In the closing of the Address, Lincoln is at once a President, a poet, a seer, and an American. As such, he closes the credo to which all future Americans must cleave. The credo requires us to be constantly renewing the work of liberty. The credo tells us that we -- if we are to bear true faith and allegiance to all those who have built, stone by stone, poem by poem, word by word, and life by life, the city on the hill that is America -- must always be dedicated to the unfinished work that is always before us. The credo requires that we "highly resolve" to leave our nation in a greater state of liberty than we found it. And to leave our Union entire and intact as "the last best hope of Earth."

The most successful revolution in history was not the Russian Revolution or the Chinese Revolution. It was the American Revolution. It began more than two centuries ago and it continues to this day. It is not over yet. This is its credo.

But, in a larger sense, we can not dedicate, we can not consecrate, we can not hallow this ground. The brave men, living and dead, who struggled here, have consecrated it, far above our poor power to add or detract. The world will little note, nor long remember what we say here, but it can never forget what they did here. It is for us the living, rather, to be dedicated here to the unfinished work which they who fought here have thus far so nobly advanced. It is rather for us to be here dedicated to the great task remaining before us—that from these honored dead we take increased devotion to that cause for which they gave the last full measure of devotion—that we here highly resolve that these dead shall not have died in vain—that this nation, under God, shall have a new birth of freedom—and that government of the people, by the people, for the people, shall not perish from the earth.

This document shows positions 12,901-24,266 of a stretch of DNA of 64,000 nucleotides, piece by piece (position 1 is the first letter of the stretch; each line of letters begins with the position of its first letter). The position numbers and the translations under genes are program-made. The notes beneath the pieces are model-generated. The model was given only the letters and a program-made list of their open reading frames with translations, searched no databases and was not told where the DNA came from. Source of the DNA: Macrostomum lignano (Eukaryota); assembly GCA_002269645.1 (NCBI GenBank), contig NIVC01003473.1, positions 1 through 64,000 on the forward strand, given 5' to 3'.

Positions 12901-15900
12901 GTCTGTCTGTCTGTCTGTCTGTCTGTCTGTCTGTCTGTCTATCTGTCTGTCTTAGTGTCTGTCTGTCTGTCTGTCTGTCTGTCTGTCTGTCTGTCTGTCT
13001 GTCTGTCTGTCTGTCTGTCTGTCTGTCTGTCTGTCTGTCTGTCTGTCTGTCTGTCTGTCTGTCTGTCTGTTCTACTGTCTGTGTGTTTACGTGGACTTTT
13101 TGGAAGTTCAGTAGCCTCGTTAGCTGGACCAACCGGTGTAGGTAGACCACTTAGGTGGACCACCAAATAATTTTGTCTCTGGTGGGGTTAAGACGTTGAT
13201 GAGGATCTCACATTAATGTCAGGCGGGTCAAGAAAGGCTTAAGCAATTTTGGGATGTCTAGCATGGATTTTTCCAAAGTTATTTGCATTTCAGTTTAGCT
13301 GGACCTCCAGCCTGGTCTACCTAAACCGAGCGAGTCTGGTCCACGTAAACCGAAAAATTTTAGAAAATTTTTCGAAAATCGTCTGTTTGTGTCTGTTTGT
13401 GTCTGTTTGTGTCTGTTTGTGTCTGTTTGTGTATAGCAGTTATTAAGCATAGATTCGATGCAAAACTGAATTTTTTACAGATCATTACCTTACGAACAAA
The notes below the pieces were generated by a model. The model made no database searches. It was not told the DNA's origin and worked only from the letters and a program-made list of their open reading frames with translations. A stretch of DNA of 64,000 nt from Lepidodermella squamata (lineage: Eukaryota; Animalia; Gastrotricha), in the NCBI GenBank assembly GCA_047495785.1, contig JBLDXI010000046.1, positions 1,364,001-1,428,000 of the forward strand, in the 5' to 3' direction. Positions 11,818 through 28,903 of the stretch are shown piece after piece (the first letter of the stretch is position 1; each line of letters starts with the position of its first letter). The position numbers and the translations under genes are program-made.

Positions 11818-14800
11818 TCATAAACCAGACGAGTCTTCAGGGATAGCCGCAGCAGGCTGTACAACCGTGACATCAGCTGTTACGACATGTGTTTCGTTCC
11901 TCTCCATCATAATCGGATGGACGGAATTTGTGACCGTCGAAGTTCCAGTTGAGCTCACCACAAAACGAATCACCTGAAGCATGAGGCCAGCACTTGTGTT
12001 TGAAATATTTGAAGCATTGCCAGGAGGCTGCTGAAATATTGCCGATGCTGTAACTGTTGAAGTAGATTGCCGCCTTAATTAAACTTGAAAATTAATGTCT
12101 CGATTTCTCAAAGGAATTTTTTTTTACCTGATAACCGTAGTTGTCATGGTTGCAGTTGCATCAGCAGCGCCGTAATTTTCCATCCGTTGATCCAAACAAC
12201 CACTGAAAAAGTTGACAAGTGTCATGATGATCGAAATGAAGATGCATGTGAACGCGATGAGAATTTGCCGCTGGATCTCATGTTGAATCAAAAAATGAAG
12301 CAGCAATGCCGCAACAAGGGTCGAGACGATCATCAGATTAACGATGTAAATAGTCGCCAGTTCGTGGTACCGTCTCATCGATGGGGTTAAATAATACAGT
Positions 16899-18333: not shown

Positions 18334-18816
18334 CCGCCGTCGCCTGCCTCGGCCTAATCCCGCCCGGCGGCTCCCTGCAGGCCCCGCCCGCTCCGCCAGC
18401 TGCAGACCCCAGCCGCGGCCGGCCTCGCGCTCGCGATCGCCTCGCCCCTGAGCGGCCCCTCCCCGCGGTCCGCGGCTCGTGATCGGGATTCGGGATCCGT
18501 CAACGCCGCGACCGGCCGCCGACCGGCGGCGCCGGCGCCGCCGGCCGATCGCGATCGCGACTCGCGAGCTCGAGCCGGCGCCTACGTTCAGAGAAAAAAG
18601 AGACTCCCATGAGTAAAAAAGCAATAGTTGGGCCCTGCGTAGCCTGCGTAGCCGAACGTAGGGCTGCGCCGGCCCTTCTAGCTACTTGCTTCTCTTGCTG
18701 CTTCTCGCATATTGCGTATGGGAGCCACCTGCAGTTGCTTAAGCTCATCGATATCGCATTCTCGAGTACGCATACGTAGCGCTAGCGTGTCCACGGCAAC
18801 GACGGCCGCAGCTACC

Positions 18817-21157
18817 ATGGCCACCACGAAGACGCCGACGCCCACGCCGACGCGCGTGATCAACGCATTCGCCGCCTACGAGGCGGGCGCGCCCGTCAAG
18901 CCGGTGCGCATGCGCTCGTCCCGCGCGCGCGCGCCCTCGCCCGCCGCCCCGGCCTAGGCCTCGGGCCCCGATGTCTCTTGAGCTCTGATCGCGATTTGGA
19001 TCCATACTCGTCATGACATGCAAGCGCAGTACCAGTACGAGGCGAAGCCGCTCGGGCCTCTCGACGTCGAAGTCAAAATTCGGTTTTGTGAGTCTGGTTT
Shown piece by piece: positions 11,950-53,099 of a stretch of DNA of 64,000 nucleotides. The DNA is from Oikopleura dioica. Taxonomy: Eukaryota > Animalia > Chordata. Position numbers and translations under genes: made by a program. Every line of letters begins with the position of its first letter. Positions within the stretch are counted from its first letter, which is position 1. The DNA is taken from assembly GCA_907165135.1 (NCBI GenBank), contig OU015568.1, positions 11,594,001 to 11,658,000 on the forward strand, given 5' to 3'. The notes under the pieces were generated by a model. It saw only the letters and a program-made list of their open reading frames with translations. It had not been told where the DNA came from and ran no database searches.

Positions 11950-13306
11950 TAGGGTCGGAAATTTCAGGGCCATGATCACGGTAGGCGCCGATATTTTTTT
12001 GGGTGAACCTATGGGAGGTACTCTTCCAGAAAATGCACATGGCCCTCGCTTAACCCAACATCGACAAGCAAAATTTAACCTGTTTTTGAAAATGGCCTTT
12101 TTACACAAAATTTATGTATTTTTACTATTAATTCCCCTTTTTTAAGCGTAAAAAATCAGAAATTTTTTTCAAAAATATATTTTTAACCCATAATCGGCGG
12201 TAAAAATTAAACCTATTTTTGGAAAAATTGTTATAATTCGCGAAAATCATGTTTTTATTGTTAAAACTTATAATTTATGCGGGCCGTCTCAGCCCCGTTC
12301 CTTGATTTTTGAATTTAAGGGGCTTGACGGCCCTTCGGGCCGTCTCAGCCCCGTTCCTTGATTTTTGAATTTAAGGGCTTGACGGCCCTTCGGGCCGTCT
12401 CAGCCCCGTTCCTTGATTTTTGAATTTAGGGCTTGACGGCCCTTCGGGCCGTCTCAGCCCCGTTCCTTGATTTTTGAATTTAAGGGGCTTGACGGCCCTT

Dateline: Gettysburg, Pennsylvania. November 19, 1863 

The only confirmed photo of Abraham Lincoln (circled) at Gettysburg, taken about noon, just after Lincoln arrived and some three hours before the speech. To Lincoln's right is his bodyguard, Ward Hill Lamon.

Posted by Vanderleun at April 5, 2014 2:10 AM
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"It is impossible to speak in such a way that you cannot be misunderstood." -- Karl Popper N.B.: Comments are moderated and may not appear immediately. Comments that exceed the obscenity or stupidity limits will be either edited or expunged.

I appreciate your reflection on the Gettysburg Address, and your timeliness in doing so. Before reading your article, I didn't have a category for the Address; it just was. But I agree: it is, as you argue, our national credo. Thank you.

Posted by: Luke at November 19, 2010 7:05 AM

An excellent point, Gerard, and eloquently stated.

Perfect.

Posted by: Rob De Witt at November 19, 2010 8:08 AM

I have a variant of that photo on the site I maintain:

http://edsitement.neh.gov/view_lesson_plan.asp?id=764

I agree with the Address being our credo -- Absolutely.

Incidentally, you mentioned the Declaration as well, and it should be pointed out that Lincoln was a firm believer that the Declaration was as important a document as the Constitution.

http://edsitement.neh.gov/view_lesson_plan.asp?id=734

The majority of our modern political class doesn't think so, and we are at peril because of that. Justice Kagan is dismissive of Natural Rights, and said so, for instance.